It was “common practice” for Premium Fire Protection to use unqualified or uncertified employees to work on fire safety systems, a Calgary court was told Thursday.


In an agreed statement of facts filed to support guilty pleas by former Premium worker Dustan Kurz, Judge Paul Mason was told the sprinkler fitter had raised concerns with company management about his lack of qualification to do certain jobs.


Kurz and fellow former Premium employee Clint Maton each pleaded guilty to charges under the Safety Code Act for fire code violations.


“There were repercussions for refusing to do work for Premium Fire Protection Ltd.,” City of Calgary prosecutor Paul Frank, reading from the court document, told Mason during Kurz’s proceeding.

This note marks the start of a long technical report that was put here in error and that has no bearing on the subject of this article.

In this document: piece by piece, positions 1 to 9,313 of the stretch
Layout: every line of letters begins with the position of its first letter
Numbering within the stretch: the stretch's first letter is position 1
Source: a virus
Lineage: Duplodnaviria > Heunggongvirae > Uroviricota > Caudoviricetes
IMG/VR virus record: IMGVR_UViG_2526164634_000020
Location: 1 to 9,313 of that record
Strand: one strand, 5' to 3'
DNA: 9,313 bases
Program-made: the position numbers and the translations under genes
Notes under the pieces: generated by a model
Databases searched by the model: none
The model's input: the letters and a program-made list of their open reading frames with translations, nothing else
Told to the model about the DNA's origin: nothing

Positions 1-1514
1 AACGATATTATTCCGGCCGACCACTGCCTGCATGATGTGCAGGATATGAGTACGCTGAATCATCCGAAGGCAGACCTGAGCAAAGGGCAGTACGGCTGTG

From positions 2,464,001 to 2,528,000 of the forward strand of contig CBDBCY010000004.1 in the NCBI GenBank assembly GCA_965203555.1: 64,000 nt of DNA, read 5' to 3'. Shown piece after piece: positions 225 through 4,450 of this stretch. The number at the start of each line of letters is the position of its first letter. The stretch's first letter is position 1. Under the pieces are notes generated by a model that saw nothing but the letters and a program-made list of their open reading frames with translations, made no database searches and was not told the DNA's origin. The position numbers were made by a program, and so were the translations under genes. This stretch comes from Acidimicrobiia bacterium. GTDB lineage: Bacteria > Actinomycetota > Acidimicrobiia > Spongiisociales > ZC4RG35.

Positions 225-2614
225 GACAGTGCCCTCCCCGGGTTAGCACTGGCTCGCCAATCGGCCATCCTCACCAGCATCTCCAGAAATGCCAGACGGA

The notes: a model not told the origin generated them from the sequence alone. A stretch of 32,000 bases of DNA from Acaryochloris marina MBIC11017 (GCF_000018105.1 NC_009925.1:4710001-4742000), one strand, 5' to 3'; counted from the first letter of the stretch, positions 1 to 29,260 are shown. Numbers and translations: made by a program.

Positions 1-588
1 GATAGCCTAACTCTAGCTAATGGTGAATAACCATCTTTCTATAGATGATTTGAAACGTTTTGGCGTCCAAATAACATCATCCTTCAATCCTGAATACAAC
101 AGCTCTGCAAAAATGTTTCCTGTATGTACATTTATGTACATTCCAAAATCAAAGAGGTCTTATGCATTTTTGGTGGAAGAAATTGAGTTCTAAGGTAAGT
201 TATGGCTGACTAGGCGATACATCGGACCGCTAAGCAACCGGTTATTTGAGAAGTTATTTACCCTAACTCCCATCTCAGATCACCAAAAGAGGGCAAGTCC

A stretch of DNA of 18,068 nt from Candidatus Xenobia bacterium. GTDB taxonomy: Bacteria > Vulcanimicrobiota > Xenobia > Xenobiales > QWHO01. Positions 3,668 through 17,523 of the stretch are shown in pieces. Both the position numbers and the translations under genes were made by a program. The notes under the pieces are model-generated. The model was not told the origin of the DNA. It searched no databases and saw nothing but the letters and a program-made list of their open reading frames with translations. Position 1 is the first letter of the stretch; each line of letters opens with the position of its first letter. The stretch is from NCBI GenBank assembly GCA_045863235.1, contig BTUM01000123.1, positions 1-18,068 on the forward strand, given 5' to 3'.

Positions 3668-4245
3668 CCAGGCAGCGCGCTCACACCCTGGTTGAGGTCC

“In response to his concerns about being unqualified to do work on life safety systems, Dustan Kurz was told by Steve Butler, the general manager of Premium Fire Protection Ltd., at . . . Kurz’s first safety meeting ‘that if I don’t like it, f— off and work somewhere else,’ ” Frank told Mason.


The document was filed in support of charges against Kurz and is not proof of wrongdoing by Okotoks-based Premium, which faces its own charges and has publicly denied any breaches of the fire and safety codes.


Frank said Kurz was hired by the company in the summer of 2018 as a journeyman sprinkler fitter, which allowed him to work on fire sprinkler systems.


“Generally speaking, Dustan Kurz worked alone in the field as an employee of Premium . . . performing work on life safety items that he was not qualified or certified to work on — including kitchen special fire suppression systems, portable fire extinguishers and emergency light checks — on a daily basis at locations across Alberta.”

Kurz’s lawyer, Bev Broadhurst, said her client, who lives in Okotoks, remains unemployed and no longer trusts the industry he’s trained to work in.